As head of the staff, the Managing Director is assisted by a Deputy Managing Director and by the department heads, who at present number 15. Most departments in the Fund fall into one of three categories: area departments, which are concerned mainly with relations with member countries; functional departments, which are concerned primarily with the institution’s policies and operations; or service departments, including those which provide technical assistance to members. Over the years, a high-quality staff has been recruited from as wide a geographical basis as possible, and considerable efforts have been made to limit the overall size of the staff (approximately 1,600 at present) and to maintain a short chain of command in order to promote operational efficiency.

The Interim Committee

The Interim Committee of the Board of Governors on the International Monetary System is a forum in which issues concerning the management and adaptation of the system can be discussed on a more political level than in the Executive Board and more efficiently than in the Board of Governors. Established in 1974, the Interim Committee duplicates the structure of the Executive Board, except that its 22 members are governors, ministers, or others of comparable rank and it acts in an advisory rather than a decision-making capacity. Each member of the Interim Committee may be assisted by a number of associates, plus the relevant Executive Director.

The Interim Committee selects its chairman. Thus far, all chairmen have been selected for no fixed term from among the members of the Committee, although each has taken the initiative of resigning from the chairmanship when he ceased to be a member. The Managing Director is a participant in the meetings of the Committee. Based on the preparatory work of the Executive Board, the agenda of the Interim Committee is prepared by the Chairman in consultation with the Managing Director; reports by the Executive Board or the Managing Director usually serve as the basis for discussion of agenda items.

In recent years, the Interim Committee has met twice a year, usually once in the spring and again in the fall, immediately prior to the Annual Meeting of the Board of Governors.4 The meetings, which usually last one to one and a half days, are not open to the public; nevertheless, taking into account associates, observers, and senior staff of the Fund, total attendance at these meetings often exceeds 250. Despite the size of the meetings and the complexity or political nature of many agenda items, the Committee has not resorted to working parties or subgroups. The 22 members of the Committee, however, may meet with the Chairman and the Managing Director in restricted session—sometimes informally over lunch or dinner—in order to resolve particularly difficult issues and to prepare their guidance for the Executive Board. Still, all agenda items, including the preparation of the press communiqué, are concluded formally in regular sessions.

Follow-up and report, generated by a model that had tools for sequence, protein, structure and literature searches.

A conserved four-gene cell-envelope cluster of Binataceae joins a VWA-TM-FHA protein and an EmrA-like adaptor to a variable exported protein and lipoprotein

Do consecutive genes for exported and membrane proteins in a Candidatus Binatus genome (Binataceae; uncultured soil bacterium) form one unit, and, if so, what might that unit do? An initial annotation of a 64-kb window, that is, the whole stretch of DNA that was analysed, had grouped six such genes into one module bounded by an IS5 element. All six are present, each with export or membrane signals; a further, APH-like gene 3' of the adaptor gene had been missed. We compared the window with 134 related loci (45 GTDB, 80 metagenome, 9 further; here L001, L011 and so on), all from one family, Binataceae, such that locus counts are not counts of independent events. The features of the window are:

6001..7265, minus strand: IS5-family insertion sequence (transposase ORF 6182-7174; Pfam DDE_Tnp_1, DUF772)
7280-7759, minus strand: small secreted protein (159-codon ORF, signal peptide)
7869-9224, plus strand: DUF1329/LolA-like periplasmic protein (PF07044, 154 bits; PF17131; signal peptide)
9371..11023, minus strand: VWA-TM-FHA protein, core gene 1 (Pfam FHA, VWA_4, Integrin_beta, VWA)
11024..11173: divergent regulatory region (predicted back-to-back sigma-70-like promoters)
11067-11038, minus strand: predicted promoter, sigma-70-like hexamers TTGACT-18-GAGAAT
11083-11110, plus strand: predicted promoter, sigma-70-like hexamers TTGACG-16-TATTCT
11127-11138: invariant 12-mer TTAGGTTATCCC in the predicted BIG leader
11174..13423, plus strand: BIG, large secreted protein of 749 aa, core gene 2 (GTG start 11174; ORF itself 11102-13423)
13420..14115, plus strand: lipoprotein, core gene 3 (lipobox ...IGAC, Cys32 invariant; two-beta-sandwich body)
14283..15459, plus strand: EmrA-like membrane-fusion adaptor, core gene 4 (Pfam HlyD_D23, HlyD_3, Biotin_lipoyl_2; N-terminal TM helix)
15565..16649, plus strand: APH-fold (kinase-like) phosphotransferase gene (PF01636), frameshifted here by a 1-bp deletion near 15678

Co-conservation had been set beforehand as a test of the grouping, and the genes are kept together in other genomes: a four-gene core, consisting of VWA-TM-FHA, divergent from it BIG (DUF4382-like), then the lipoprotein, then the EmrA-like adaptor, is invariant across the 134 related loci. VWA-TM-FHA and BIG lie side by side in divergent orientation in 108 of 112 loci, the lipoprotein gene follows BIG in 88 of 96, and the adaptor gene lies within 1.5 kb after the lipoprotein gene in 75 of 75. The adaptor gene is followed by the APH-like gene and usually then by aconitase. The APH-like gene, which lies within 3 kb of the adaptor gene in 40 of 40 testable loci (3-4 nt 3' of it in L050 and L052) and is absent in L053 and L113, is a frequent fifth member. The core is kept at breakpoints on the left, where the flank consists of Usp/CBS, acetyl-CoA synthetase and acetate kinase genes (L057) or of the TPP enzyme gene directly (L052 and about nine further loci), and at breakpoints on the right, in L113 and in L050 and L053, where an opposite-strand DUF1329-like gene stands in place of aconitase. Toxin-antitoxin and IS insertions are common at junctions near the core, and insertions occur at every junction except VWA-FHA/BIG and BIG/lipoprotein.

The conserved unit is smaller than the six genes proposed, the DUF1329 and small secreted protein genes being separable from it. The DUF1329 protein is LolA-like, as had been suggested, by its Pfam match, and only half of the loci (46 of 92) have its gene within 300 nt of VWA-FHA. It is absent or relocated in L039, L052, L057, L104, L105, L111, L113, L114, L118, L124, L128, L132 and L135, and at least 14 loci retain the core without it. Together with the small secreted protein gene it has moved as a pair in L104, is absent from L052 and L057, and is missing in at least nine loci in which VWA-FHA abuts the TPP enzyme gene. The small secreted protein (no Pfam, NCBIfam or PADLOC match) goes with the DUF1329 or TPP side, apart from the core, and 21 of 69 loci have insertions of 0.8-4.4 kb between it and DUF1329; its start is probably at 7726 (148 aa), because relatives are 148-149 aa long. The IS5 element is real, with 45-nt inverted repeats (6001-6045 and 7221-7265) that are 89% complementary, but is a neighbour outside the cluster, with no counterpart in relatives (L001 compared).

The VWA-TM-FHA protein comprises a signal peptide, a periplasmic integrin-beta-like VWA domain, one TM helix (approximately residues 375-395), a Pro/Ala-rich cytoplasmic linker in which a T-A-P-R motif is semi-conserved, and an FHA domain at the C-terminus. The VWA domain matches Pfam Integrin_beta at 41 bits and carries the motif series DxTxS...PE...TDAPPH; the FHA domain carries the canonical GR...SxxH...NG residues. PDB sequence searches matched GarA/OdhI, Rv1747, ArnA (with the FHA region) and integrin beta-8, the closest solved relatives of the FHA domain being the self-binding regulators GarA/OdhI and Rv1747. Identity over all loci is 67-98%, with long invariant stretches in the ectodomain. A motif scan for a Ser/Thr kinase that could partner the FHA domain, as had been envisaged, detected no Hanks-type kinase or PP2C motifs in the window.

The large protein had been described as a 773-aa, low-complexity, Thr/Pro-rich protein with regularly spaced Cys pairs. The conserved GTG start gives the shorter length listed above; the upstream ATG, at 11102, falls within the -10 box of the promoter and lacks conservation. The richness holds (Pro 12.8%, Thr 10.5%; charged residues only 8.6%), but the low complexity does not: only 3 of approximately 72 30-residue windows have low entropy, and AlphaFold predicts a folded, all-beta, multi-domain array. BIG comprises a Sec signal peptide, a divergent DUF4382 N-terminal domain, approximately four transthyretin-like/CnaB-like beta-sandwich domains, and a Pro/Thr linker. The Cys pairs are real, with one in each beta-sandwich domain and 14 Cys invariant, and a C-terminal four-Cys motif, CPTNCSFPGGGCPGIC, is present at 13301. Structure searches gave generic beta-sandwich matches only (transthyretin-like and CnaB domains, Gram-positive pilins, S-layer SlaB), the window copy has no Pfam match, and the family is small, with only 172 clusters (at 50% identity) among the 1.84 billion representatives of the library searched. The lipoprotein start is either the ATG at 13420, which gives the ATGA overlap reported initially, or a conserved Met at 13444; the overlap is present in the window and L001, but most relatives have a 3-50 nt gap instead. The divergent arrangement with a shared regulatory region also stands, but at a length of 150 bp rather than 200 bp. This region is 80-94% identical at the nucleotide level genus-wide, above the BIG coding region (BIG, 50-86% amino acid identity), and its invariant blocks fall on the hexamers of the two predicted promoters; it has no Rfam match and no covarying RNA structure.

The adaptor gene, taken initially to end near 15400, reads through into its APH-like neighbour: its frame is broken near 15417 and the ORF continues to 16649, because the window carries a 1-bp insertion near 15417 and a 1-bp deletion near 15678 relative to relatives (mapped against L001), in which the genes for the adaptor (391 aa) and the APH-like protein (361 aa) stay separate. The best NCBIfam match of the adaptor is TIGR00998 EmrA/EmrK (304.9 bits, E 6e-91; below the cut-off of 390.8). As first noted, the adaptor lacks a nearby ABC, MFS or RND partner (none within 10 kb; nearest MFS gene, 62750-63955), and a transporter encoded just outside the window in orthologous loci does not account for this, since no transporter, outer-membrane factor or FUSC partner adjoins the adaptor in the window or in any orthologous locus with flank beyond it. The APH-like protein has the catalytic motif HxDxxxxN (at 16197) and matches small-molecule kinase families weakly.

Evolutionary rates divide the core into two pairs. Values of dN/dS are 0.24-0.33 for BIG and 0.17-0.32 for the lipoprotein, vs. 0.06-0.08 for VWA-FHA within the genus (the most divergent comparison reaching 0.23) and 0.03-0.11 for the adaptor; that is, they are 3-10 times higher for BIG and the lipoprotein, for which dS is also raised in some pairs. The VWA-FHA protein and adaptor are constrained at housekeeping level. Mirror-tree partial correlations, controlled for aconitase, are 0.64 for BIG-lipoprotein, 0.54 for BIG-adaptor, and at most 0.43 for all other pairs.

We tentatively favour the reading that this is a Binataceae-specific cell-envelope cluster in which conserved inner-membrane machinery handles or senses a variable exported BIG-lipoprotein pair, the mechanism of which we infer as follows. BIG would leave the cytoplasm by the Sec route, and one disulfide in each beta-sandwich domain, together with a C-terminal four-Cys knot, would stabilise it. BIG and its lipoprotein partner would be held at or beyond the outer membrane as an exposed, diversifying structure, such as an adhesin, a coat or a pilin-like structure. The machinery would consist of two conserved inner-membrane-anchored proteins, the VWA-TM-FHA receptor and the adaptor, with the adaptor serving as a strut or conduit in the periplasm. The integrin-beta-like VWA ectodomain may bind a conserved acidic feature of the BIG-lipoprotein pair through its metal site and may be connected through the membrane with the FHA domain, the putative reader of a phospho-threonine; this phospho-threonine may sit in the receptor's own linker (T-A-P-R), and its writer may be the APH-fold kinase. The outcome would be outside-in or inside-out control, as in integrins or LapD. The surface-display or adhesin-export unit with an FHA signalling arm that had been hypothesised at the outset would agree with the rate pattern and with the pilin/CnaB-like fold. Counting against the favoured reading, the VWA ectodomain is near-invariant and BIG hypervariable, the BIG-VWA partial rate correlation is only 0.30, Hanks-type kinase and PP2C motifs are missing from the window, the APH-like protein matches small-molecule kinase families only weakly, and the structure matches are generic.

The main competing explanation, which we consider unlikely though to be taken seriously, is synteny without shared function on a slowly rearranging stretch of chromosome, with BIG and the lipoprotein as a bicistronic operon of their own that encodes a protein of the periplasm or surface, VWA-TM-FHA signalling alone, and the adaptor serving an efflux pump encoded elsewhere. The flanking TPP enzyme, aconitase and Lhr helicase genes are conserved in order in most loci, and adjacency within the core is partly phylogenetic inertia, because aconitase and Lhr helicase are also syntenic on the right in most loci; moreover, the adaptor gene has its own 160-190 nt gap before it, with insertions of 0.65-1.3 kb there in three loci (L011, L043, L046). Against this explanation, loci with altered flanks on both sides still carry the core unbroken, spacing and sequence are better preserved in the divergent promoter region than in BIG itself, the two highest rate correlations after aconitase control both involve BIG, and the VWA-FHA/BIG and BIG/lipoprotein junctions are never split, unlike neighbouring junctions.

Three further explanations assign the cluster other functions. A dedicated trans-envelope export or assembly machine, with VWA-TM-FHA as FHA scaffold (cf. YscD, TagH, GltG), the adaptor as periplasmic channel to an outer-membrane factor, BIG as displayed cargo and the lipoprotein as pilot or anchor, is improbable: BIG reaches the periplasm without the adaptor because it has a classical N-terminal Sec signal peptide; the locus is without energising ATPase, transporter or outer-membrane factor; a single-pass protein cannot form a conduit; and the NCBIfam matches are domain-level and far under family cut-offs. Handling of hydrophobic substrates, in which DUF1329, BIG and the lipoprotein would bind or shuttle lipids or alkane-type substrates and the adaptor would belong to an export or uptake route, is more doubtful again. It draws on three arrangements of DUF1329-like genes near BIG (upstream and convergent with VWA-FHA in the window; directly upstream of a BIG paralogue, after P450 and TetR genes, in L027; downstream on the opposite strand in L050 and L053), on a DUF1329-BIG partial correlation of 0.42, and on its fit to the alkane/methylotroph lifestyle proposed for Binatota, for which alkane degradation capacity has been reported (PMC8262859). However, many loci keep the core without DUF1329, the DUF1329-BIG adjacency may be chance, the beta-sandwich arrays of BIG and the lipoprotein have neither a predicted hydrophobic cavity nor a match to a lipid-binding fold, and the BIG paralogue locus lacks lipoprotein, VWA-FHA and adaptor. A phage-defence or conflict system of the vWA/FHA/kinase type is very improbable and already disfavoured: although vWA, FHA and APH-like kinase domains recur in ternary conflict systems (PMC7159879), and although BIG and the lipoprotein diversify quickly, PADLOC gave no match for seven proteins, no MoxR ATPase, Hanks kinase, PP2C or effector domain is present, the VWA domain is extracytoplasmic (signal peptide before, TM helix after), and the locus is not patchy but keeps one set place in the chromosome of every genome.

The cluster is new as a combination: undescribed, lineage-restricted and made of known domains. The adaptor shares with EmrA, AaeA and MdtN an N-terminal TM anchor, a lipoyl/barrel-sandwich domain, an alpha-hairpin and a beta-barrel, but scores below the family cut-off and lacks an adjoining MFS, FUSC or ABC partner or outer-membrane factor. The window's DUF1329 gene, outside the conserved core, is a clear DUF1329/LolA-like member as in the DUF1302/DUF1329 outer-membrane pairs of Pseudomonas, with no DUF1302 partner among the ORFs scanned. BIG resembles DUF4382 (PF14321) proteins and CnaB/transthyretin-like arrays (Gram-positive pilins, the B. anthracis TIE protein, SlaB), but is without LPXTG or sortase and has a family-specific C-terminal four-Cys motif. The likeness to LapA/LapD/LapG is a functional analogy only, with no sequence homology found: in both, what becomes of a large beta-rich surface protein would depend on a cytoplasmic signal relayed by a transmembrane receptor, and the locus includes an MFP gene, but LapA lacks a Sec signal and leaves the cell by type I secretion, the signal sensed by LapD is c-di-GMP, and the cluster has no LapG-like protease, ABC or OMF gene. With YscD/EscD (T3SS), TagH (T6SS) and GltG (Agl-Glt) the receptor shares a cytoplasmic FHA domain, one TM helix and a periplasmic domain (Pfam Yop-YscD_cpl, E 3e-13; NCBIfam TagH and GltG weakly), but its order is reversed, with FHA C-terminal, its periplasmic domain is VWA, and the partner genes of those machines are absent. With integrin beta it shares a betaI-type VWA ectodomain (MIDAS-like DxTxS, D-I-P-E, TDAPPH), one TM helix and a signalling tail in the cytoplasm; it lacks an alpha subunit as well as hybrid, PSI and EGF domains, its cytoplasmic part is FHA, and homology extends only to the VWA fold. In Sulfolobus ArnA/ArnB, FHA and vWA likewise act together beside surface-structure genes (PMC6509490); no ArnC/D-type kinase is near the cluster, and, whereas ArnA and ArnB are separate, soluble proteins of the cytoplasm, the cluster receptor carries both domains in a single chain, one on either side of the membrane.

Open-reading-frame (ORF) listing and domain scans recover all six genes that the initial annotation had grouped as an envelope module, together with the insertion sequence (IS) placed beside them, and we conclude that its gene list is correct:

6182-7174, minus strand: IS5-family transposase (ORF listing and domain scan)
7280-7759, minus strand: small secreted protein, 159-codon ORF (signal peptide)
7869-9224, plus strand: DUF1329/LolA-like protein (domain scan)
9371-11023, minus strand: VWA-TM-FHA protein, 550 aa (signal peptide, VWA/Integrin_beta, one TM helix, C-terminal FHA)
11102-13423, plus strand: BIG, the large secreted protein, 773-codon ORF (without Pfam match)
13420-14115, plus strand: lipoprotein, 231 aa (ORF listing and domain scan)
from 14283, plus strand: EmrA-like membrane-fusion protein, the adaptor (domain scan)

The Policymaking Process

The functioning of the Board of Governors

The power of the Fund flows from the Board of Governors, and that body has delegated to the Executive Board all decision-making powers except those expressly reserved for itself in the Articles of Agreement, such as the admittance of new members, changes in quotas, allocations of SDRs and certain other matters relating to SDRs, amendment of the Articles, and, if necessary, the review of decisions of the Executive Board.

Any matter, however, can be placed on the agenda of the Board of Governors at the request of a Governor, the Managing Director, or the Executive Board. When such matters require a decision, proposed resolutions are submitted for a formal vote by Governors. The resolutions are usually adopted without objection, a consensus on the issues having been reached at the level of the Interim Committee or the Executive Board. Between meetings, any matter requiring a vote by the Board of Governors is handled by mail.

In the 1960s and early 1970s, a number of major proposals on the issues of international liquidity, the working of the exchange system, and other aspects of monetary reform were put forward at the Annual Meetings. In more recent years, the Governors have focused their attention on the world economic outlook, the adjustment process, and the financing of payments imbalances. Also, a number of Governors—particularly those from the developing countries—have used the Annual Meetings to highlight the special problems of their countries and to press their call for a new international economic order.